Bottom line: Your idea is practical, buy ONLY when each of the iron condors is acceptable to the trader. I would not force a trade just to own a position with different adjustment points.

  5. John 04/13/2010 at 8:32 PM #

    Thanks for the reply. I think our difference is how we look at adjustment. I usually do front month further strike roll, unless expiration is near where I will establish a less sensitive position. I have tried kite spread before, and only found it useful when the stock makes a huge move during the early holding period. I think it should be exited during the last 3 weeks for a fairly obvious reason. Not sure how you view potential risk/reward for adjustment, but this sometimes can be confusing, especially to new traders. I believe the initial RR doesn’t change. When I rolled out one side with a profit/loss, the P/L will be accounted into the risk graph. For example, when I close with a profit, the max loss will increase in the risk graph; and vice versa. I believe the RR profile doesn’t change. Again, another realised and unrealised P/L problem. Kind of reminds you of the deferred loss view point.
    Mark, when you trade IC, what is your preferred distance between the current price and the side of the wing? I think one SD gives out barely enough premium, and anything more than one SD gives out low premium.

  6. Mark Wolfinger 04/13/2010 at 9:47 PM #

    1) Obviously rolling down to farther OTM strikes locks in a loss. There’s nothing you can do if that is the adjustment method of choice.
    2) Right on. Kites do suffer from time decay, and when held to the end, involve far too much uncertainly.
    3) I look at my risk graph as: What does the P/L picture look like from today forward. I ignore whether it has been a profit or loss up to this point.
    I acknowledge that the majority of traders are always aware of P/L of any position. I’ll remain with my minority view that P/L is completely irrelevant and the only thing that should concern any trader is the position as it is right now: Do you want that position in your portfolio? If yes, then hold it.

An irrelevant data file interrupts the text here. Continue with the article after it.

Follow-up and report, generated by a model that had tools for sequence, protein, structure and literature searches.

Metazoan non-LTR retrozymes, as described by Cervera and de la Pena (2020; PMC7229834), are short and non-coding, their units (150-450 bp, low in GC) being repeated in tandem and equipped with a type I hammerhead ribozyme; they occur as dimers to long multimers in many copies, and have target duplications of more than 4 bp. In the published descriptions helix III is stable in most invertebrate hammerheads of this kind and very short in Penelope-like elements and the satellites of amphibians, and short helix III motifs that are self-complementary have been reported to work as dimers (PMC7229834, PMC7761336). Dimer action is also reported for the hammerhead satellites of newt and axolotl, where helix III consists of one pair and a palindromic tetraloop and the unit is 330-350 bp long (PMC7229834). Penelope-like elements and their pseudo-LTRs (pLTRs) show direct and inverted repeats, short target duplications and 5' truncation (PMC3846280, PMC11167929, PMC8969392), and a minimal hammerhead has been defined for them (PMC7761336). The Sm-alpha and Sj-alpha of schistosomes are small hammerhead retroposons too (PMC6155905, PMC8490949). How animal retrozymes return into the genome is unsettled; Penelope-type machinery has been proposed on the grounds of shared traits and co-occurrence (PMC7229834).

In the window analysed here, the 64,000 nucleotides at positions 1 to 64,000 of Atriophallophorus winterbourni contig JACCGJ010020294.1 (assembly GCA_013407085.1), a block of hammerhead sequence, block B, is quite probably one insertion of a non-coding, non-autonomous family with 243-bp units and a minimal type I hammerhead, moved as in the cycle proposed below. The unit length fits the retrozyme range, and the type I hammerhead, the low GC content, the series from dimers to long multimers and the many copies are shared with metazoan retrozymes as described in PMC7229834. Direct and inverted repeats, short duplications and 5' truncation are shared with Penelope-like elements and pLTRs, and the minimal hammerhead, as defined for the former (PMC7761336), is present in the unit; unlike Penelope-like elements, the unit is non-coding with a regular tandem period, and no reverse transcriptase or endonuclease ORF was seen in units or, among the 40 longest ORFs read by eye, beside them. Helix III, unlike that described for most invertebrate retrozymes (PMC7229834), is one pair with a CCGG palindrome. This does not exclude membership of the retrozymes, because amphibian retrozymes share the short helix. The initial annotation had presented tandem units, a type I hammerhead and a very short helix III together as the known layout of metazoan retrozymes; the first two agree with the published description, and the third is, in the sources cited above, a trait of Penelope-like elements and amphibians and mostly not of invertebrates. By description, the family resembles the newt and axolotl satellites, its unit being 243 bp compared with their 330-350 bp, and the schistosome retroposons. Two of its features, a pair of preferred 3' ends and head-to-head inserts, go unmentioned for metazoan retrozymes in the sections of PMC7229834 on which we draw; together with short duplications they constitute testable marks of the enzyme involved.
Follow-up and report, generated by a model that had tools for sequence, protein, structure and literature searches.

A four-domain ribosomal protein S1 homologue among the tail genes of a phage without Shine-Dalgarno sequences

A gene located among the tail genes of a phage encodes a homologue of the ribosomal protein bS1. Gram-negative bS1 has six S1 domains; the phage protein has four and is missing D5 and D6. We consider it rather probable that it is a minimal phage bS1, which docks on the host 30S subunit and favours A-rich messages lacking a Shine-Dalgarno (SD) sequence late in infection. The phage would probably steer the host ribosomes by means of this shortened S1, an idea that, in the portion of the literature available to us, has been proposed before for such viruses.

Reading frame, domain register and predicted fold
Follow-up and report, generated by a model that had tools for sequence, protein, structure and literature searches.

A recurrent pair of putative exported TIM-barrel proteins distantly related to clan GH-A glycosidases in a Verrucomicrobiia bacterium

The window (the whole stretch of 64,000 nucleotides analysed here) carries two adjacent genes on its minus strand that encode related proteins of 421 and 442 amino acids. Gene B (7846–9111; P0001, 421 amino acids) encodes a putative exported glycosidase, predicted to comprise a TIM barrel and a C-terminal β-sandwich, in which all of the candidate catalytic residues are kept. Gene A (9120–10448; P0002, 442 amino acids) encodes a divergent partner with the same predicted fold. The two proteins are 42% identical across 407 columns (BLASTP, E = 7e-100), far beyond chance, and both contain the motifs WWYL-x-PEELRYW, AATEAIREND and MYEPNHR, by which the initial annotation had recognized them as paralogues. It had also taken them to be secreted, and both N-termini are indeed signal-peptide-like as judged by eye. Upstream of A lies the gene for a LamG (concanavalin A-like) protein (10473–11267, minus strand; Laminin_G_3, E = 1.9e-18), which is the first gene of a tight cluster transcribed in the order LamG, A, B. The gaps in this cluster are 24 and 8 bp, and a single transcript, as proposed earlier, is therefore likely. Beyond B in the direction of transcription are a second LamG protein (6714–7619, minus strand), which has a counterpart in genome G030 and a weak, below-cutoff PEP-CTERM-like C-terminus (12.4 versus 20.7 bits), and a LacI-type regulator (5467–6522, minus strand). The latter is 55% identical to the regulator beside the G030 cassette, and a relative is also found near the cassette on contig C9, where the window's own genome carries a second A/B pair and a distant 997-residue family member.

If ‘no’ then there are two choices: Exit or modify it so that you do want to hold it.
    P/L in the past is out of my control. All I care about is P/L in the future, and owning a position that I believe will be profitable.
    4) Honestly – I prefer not to consider ‘how far.’ In Nov 2008, I had no trouble finding good (at the time I opened them) IC spreads that were more than 100 RUT point OTM. And RUT was much lower, so the % OTM was very large. Today I had to settle for 60 points (10-week spread).
    I prefer to look at cash credit, delta, and probability of touching a strike – prior to my planned (hold for 6 weeks for today’s trade) exit.
    It’s basically the same idea, but I don’t use SD.
    Remember that ‘high’ and ‘low’ premium are relative terms. Some traders want to collect less than $1 for a 10-pt iron condor, and others want >$5.
    Thanks for the update

  7. John 04/15/2010 at 12:14 AM #

    Thanks for the reply. I take a quick look at the RR profile of 60 points 10-week spread of RUT. The Risk:Reward is about 2.6:1. Does that seem acceptable to you?

  8. Mark Wolfinger 04/15/2010 at 7:35 AM #

    Yes. That’s a premium of more than $380.
    My comfort zone would settle for less cash and a bit farther OTM. I’d rather settle for $300 – but that’s my CZ. You should carry positions that are comfortable for you.